POSTSCRIPT / September 14, 2008 / Sunday

By FEDERICO D. PASCUAL JR.

Philippine STAR Columnist

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Gov't shifting to peace talks with community

KEY SHIFT: Malacañang does not say so explicitly, but it appears to have recast radically its Muslim Mindanao policy both on the ground and at the negotiating table.

Only time will tell if this shift would result in an escalation of violence or the dawning of relative peace and development for the troubled island where Muslims, despite their centuries-old presence, are a minority.

The government’s declaration that it would not sign its Memorandum of Agreement on Ancestral Domain with the Moro Islamic Liberation Front, followed by the disbanding of its negotiating panel, signaled the policy change.

President Gloria Arroyo’s demand that the MILF first lay down its arms before the peace talks could be resumed — an impossible demand — made it clearer that her administration was not about to resume the peace talks.

At the same time, the Commander-in-Chief sent more troops to Mindanao, finding in the barbaric rampage of hotheads in the MILF a justification for dropping negotiations and escalating search and destroy operations.

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MULTI-SECTORAL: Defense Secretary Gilbert Teodoro told Postscript days ago that the administration is now looking for a community-based multi-sectoral response to its entreaties that the fired-up situation be allowed to simmer down.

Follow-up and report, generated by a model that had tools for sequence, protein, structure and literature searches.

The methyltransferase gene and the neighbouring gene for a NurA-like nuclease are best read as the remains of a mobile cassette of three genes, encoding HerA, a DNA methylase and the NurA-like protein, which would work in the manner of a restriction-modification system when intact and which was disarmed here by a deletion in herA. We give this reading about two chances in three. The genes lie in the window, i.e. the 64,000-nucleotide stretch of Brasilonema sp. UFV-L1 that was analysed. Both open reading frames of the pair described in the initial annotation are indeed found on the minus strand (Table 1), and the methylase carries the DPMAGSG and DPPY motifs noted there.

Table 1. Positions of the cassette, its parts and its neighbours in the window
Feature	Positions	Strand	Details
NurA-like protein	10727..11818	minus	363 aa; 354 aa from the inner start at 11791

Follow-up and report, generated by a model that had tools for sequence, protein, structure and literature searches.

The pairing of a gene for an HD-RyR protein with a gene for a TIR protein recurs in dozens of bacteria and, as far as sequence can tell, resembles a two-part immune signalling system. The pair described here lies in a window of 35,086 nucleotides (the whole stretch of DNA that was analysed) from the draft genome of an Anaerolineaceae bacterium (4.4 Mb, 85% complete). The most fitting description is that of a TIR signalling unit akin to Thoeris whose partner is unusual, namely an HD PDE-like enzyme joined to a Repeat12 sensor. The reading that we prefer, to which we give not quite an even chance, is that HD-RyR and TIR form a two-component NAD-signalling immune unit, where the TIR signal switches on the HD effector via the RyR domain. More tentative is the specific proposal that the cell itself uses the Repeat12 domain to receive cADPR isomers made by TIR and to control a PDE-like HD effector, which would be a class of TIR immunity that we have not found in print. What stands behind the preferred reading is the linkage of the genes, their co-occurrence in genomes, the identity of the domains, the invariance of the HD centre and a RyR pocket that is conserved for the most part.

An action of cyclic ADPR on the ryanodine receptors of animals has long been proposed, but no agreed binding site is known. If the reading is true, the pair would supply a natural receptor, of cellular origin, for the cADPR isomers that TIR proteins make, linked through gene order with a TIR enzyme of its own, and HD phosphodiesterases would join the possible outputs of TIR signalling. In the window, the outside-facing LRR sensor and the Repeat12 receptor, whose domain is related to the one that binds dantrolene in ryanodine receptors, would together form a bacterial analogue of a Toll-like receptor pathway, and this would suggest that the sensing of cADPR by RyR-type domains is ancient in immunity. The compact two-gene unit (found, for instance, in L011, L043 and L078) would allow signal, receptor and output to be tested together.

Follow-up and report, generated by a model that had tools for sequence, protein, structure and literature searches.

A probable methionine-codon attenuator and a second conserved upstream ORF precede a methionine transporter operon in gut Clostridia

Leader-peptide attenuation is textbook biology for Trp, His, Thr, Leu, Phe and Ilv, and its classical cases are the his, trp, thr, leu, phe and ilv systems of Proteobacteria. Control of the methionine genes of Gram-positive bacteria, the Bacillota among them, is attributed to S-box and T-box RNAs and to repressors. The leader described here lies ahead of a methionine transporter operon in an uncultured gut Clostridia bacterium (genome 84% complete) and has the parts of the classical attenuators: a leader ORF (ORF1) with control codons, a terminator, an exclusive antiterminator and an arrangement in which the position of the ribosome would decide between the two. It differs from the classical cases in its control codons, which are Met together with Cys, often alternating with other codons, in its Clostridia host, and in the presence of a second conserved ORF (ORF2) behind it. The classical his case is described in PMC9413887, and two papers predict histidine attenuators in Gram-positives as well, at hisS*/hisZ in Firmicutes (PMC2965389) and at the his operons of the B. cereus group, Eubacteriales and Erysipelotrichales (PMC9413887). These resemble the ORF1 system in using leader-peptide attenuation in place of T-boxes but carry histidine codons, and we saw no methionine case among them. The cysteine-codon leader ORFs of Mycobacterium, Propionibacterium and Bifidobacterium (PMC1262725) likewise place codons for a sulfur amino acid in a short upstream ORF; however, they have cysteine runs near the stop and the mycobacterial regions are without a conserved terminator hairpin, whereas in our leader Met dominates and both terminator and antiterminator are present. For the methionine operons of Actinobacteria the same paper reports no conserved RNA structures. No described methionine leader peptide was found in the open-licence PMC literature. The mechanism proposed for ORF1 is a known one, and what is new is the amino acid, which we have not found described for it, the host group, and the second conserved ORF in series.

The government’s turning its attention away from the MILF to a wider community that includes religious and civic groups means, at least to this observer, that its talking days with the violence-prone MILF are over.

As for the disbanding of the government panel, Teodoro said that its work — which is basically to negotiate with the MILF — is over. He did not say it, but it appears that if any more talking is to be done, it will be by another government panel with another group across the table.

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HUNT PRESSED: Teodoro confirmed that the government is pouring more troops and resources to troubled areas in Mindanao. The operations to capture rebel commanders — ALIVE, he said — go on. He said with a smile that the military knows where the targets are.

Can the government do what previous administrations had tried but failed to do, which is to subdue the Moro or at least assimilate them into the mainstream?

Meantime, is the government ready and able to pour in more resources that could have been used for pacific pursuits in Mindanao and other areas?

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FIRST HORIZON: In the so-called First Horizon in the upgrading of the armed forces’ capabilities, P5 billion is being spent for a six-year period ending in 2010.

Emphasis is in the procurement of basic equipment for land forces, such infantry automatic weapons, more sophisticated radio equipment, and vehicles for improved mobility.